A member of a white supremacist prison gang has been sentenced to 20 years in federal prison for trying to kill another man with a hidden shiv while in a holding cell last July.
Before his sentence was imposed Tuesday, Lance Vanderstappen repeated that he hid the blade in his rectum with the specific intent of killing someone who was an ethnic minority.
Assistant U.S. District Attorney Felice Viti called the stabbing, which sent a Hispanic man to the hospital with stab wounds to his neck, throat and chest, a "ferocious crime."
"It was not impulse, it was not provoked," Viti said. "He came here to kill someone that day."
U.S. District Judge Ted Stewart asked Vanderstappen had he been allowed to use the restroom before he was sentenced last July, would he have used the weapon on court staff. The 26-year-old prison inmate said only that he was out to kill a minority.
"I was looking for an opportunity to target someone of another race," Vanderstappen said.
U.S. marshals said the incident took place July 12, just after Vanderstappen was sentenced to serve more than five years for a violence and racketeering conviction. Shortly after being led into a holding cell with other federal inmates, a video shows Vanderstappen going to a semi-private restroom area and returning with a shiv, which he used to attack a Hispanic man, whose back was turned toward him.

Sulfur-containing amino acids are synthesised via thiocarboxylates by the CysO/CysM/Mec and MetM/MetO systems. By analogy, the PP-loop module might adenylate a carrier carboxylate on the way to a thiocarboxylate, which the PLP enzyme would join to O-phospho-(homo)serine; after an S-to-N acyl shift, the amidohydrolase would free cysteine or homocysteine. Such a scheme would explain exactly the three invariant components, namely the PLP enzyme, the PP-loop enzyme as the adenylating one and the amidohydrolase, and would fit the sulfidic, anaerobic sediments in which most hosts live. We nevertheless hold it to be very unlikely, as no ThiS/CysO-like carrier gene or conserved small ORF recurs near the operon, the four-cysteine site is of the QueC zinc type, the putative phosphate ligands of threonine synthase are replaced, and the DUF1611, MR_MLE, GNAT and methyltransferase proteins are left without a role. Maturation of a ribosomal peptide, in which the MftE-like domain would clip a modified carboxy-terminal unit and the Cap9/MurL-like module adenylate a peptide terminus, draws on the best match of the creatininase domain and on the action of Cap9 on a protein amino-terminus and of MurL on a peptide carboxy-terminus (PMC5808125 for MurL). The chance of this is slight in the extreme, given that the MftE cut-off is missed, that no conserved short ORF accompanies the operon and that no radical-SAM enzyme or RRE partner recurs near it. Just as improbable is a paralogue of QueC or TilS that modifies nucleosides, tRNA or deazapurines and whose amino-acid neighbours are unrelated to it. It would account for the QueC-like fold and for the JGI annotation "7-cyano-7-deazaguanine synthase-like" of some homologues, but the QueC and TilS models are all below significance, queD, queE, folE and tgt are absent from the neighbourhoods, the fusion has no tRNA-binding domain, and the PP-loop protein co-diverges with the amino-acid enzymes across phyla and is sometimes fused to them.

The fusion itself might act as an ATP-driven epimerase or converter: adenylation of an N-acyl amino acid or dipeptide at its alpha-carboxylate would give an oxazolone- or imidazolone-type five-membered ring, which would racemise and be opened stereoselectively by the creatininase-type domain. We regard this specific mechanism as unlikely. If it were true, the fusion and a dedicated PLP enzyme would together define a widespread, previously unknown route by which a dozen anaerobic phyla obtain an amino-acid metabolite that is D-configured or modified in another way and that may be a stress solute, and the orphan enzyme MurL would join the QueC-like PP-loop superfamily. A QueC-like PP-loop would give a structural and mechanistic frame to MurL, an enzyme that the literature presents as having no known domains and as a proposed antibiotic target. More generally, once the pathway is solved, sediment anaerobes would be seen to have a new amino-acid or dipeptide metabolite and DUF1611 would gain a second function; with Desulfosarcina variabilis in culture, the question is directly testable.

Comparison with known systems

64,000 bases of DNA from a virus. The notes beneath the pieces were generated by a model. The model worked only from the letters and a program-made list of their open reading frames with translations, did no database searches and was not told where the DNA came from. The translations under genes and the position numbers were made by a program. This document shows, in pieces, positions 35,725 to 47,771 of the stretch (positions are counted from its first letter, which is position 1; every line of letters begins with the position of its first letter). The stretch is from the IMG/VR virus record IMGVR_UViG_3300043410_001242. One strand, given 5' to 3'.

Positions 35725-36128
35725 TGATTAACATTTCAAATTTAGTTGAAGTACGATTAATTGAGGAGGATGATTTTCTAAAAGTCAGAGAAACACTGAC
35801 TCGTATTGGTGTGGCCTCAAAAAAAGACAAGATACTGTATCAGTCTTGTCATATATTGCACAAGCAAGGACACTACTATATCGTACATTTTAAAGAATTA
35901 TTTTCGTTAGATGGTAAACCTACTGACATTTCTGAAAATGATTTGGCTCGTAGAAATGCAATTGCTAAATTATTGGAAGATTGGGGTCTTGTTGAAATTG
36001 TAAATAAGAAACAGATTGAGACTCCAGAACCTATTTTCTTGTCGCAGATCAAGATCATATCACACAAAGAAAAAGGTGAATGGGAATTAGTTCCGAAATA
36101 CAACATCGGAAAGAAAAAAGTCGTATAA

Stewart reviewed the surveillance video in court before imposing the sentence.
Viti called Vanderstappen a "cold-blooded and dangerous individual" who at the age of 26 had already been convicted of two other violent crimes, including stabbing a Utah State Prison inmate in January 2001. Viti said Vanderstappen had violated the law by the time he was 10 years old.
"He's put the community at risk by his behavior for most of the last 16 years. It's time to give up and simply remove him as a source of risk for the next 25 years," Viti said.
Vanderstappen declined to say anything in his defense. Stewart ordered the new 20-year sentence to run consecutively with his previous five-year sentence, meaning Vanderstappen will be more than 50 years of age before he is released from prison.
Viti said one irony was that on the day of the stabbing, it was Vanderstappen's birthday, adding that while most people take the day to reflect on their life, he felt Vanderstappen was already committed to ruining his.
"Justice was served," Viti said outside of federal court.
Vanderstappen is just one of about a dozen members of the Soldiers of Aryan Culture who have been indicted under the federal racketeering statute in an effort by state prison and federal officials to break up the gang that has been a source of violent attacks and drug dealing within Utah's penal system. So far, eight members have pleaded guilty as part of plea agreements.